Source: Toronto Star (Canada)
Pubdate: Tue, 23 Jun 1998
Author: Tracey Tyler


Government officials cancel meeting on treatment centre

The Ontario government can't promise federal offenders will receive help in
the province's ``superjails'' if a Sault Ste. Marie treatment centre

A meeting between federal and provincial officials to discuss the future of
the Northern Treatment Centre was cancelled unexpectedly yesterday, leaving
many questions unanswered.

The 96-bed centre is funded jointly by Ottawa and Queen's Park and up to
half the patients have been federal offenders. An operating agreement calls
for financial penalties to be imposed on any party terminating the
operating agreement with less than two years notice.

Federal Solicitor-General Andy Scott has indicated Ontario wants to sever
the agreement and says he expects it to pay, but so far the provincial
government doesn't know how much it might cost to break the deal.

``We haven't yet got to that stage,'' Ross Virgo, a spokesperson for the
provincial corrections and solicitor-general's ministry, said yesterday.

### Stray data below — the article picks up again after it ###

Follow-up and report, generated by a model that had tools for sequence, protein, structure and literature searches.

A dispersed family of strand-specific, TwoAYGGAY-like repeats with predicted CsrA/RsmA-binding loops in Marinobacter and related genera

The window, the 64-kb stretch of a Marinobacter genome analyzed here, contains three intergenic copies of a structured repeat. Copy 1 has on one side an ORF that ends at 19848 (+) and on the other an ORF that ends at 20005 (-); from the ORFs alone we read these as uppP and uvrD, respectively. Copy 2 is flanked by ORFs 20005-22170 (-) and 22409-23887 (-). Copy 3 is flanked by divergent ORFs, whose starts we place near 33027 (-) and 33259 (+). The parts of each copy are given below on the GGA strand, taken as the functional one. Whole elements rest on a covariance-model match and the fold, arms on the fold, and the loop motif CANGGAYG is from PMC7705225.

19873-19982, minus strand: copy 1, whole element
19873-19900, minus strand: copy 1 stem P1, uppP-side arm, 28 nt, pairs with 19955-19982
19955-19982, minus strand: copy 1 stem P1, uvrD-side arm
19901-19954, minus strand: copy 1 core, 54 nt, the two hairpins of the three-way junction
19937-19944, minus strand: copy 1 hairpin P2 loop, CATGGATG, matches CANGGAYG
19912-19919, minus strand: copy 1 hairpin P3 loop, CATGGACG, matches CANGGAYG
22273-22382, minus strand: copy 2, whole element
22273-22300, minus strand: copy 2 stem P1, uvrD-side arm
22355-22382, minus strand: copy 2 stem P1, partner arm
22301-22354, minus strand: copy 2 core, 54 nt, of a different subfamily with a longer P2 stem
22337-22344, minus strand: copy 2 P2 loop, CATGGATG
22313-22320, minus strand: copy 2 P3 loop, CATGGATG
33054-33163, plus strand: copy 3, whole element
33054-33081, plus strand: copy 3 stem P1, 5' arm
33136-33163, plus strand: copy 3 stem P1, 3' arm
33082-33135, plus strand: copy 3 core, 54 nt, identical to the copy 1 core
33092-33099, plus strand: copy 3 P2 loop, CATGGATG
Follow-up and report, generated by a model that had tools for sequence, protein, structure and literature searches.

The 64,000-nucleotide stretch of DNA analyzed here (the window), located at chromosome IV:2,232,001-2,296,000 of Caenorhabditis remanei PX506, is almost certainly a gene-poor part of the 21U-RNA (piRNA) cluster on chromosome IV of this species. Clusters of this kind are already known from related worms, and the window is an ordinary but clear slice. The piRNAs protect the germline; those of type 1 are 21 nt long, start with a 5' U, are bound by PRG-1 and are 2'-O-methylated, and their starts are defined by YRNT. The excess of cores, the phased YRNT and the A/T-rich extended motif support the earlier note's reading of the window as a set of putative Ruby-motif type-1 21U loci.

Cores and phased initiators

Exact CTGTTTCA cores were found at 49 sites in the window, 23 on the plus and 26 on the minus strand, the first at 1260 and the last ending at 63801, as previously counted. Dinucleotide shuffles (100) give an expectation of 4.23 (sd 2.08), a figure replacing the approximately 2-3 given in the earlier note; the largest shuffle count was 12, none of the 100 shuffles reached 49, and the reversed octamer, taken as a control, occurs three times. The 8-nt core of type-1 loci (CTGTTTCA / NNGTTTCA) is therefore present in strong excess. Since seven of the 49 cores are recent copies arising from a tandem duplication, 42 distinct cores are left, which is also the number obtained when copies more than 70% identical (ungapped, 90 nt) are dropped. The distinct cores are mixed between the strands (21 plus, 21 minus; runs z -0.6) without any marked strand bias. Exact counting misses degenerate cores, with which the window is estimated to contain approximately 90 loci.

Virgo said the question of whether the province will establish a new
treatment facility elsewhere in conjunction with the federal government is
still up in the air. ``That's not at all clear,'' he said.

The Northern Treatment Centre may lose its treatment function and be
converted into another use, possibly a city jail, as part of the province's
restructuring of its correctional system.

Virgo says treatment for offenders with anger, drug and sex abuse problems
will still be offered - in fact expanded - through facilities to be set up
in new superjails in Milton, Penetanguishene and Lindsay.

The Sault centre, however, has received high praise for its ability to
offer inmates intensive treatment in a setting removed from what's seen as
the destructive environment of a conventional jail.

All federal penitentiaries in Ontario offer treatment programs and will
continue to do so, a spokesperson for Scott said yesterday.

However, most are in the nature of therapy sessions that offenders attend
during the day, returning to their cells at night.

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Checked-by: (Joel W. Johnson)